Attorney General Eric Holder is keeping quiet on possible federal charges against former CIA Director David Petraeus amid reports that prosecutors have recommended indicting him mishandling classified information.
“I don’t want to comment on what is an ongoing matter,” Holder said Sunday on NBC’s "Meet The Press." “I think anybody who shared information that led to that report did so inappropriately. The determination has yet to be made and we will just see how things play out before any final decision is made.”
Federal officials told The New York Times and NBC News’ Pete Williams this week that prosecutors wanted to bring charges against Petraeus, who stepped down from the CIA after acknowledging an extramarital affair with his biographer Paula Broadwell. The investigation has sought to determine whether Petraeus leaked classified materials to his mistress.
According to Williams, the leaks are intended to put pressure on Holder to accept their recommendations and indict Petraeus, a politically explosive prospect given the retired four-star general’s celebrated military career and long relationship with leaders in both parties.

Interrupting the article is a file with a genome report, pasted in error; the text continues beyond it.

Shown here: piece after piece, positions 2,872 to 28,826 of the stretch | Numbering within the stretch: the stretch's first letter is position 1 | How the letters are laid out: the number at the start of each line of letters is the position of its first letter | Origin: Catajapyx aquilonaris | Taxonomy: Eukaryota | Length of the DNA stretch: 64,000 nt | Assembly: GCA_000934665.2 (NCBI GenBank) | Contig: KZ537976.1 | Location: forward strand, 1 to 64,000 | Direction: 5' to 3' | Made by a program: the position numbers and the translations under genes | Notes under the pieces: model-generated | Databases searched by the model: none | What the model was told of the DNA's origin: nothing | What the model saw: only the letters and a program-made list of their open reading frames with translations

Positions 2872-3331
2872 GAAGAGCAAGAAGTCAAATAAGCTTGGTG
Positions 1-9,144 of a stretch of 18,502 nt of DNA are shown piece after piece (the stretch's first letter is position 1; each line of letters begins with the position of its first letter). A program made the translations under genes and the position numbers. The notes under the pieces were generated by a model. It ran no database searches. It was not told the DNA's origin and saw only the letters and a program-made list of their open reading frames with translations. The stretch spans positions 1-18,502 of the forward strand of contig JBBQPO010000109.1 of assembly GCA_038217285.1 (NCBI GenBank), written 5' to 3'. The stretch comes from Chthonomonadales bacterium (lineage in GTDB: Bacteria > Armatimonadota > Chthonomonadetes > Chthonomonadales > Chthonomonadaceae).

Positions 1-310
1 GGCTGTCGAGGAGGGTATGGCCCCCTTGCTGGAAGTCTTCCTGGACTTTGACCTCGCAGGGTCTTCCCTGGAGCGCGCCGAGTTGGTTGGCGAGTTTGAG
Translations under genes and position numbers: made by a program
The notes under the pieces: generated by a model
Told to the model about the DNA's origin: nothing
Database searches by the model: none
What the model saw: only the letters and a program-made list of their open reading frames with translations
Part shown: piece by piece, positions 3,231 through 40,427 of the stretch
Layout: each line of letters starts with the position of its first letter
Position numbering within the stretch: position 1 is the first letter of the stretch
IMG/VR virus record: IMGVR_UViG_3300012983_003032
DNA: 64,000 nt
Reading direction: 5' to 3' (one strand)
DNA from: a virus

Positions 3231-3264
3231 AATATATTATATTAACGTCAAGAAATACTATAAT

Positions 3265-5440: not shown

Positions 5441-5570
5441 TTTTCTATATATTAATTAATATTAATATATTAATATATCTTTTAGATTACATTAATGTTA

“This man has suffered enough, in my view," Senator Dianne Feinstein, the ranking Democrat on the Intelligence Committee, told CNN on Sunday. "He's the four-star general of our generation ... He made a mistake. He lost his job as CIA director because of it. I mean, how much do you want to punish somebody?"
Holder is set to step down from the Justice Department after six years once a replacement is confirmed and President Obama has already nominated U.S. Attorney Loretta Lynch for the post. Holder declined to say whether he would make the final decision on the Petraeus investigation himself or whether he might hand it off to his successor should she take the position.